Great care needed when eating wild mushrooms

Many delicious and nutritious mushrooms can be found growing in the wild. But not all mushrooms are safe for eating. Anyone contemplating picking and eating wild mushrooms must make absolutely sure they can recognise those that are dangerous.

Of greatest danger to those who enjoy picking and eating things that are found ‘naturally’ is the Deathcap Mushroom (Amanita Phalloides). This mushroom is found in many parts of the world. In 1918, 31 children in Poland died after eating a prepared meal of these mushrooms. It is believed that about one in five people who eat them will die.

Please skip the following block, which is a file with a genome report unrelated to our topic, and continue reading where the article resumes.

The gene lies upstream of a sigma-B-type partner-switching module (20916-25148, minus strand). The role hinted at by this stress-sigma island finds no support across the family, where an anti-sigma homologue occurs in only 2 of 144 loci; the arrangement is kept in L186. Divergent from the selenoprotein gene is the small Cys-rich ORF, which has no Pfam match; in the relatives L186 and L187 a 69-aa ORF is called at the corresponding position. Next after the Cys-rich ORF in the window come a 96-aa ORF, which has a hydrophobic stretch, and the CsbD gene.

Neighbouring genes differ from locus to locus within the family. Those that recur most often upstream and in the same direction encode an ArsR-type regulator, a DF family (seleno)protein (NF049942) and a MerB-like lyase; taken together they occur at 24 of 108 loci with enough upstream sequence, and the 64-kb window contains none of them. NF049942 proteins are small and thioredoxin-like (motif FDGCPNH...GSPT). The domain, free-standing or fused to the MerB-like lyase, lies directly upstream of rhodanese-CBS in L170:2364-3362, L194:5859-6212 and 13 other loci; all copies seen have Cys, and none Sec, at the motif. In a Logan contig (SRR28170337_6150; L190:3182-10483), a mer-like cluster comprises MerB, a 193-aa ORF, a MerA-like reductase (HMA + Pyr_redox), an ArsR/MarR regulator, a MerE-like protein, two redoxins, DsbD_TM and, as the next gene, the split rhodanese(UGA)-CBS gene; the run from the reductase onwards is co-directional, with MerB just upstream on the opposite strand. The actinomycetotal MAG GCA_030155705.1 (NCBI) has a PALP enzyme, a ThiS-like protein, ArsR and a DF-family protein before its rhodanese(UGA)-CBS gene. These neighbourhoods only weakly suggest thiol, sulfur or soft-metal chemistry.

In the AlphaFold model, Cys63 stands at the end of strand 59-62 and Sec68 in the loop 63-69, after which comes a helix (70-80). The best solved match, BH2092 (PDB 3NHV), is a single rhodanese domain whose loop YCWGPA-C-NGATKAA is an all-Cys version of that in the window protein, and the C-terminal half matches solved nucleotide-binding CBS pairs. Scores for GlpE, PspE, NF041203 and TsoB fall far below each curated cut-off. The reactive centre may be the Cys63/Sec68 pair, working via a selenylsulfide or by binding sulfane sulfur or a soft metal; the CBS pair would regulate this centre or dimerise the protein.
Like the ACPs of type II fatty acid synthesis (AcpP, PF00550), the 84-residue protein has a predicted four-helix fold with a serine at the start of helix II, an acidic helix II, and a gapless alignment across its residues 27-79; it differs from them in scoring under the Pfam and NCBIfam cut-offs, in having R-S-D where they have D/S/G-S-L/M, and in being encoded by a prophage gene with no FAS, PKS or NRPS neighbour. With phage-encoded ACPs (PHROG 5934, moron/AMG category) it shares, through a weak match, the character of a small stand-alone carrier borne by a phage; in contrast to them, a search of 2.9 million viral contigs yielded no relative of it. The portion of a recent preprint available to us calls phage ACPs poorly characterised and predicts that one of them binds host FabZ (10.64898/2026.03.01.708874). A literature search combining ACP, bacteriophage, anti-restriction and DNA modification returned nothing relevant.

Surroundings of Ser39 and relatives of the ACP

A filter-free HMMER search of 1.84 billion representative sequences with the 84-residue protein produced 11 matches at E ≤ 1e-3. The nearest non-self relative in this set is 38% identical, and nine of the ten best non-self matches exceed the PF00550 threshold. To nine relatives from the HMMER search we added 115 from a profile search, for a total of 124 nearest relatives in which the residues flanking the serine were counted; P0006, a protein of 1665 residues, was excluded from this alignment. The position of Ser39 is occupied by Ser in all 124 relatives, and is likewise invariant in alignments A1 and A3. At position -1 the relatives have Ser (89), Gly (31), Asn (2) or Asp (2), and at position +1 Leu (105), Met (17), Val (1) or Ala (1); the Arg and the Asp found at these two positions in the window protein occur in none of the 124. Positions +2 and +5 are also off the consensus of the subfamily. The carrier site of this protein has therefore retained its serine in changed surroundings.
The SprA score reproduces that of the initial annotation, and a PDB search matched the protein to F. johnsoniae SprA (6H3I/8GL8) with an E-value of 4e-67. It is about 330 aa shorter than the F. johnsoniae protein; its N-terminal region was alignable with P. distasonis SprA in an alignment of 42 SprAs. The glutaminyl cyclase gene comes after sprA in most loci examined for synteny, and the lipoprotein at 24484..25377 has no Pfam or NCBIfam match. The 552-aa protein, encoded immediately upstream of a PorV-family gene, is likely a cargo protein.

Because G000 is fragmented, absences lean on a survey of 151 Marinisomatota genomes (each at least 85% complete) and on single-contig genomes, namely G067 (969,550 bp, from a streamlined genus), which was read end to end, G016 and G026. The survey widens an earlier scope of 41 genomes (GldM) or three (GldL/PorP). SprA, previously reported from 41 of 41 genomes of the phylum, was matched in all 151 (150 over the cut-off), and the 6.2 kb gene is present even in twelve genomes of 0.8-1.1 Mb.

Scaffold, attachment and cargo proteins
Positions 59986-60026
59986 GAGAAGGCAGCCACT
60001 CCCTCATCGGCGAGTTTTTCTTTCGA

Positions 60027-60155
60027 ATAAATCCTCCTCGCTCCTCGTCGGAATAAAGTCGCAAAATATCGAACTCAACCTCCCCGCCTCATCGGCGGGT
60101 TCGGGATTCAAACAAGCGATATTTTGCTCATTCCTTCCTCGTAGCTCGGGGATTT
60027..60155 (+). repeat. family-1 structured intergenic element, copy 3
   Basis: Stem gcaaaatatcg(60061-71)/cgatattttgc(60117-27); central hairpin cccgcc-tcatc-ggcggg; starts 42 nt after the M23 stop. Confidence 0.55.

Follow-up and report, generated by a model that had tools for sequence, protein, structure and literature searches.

Deathcap Mushrooms contain a powerful toxin (poison) which blocks many of the body’s natural functions. Cooking, freezing, or drying canot destroy the toxin.

When a deathcap mushroom is eaten, the affected person may feel all right for up to 24 hours. The first sign of trouble is usually watery diarrhoea. This may appear to settle but is followed by serious illness, usually resulting in kidney or liver failure. Death can occur 7 to 10 days after eating a single mushroom.

Deathcap mushrooms are easily recognised. (See Picture) They have a white to greeny-white cap, white gills and a swelling, or cup, at the base of their stem. They grow in the root systems of trees, especially oak trees.

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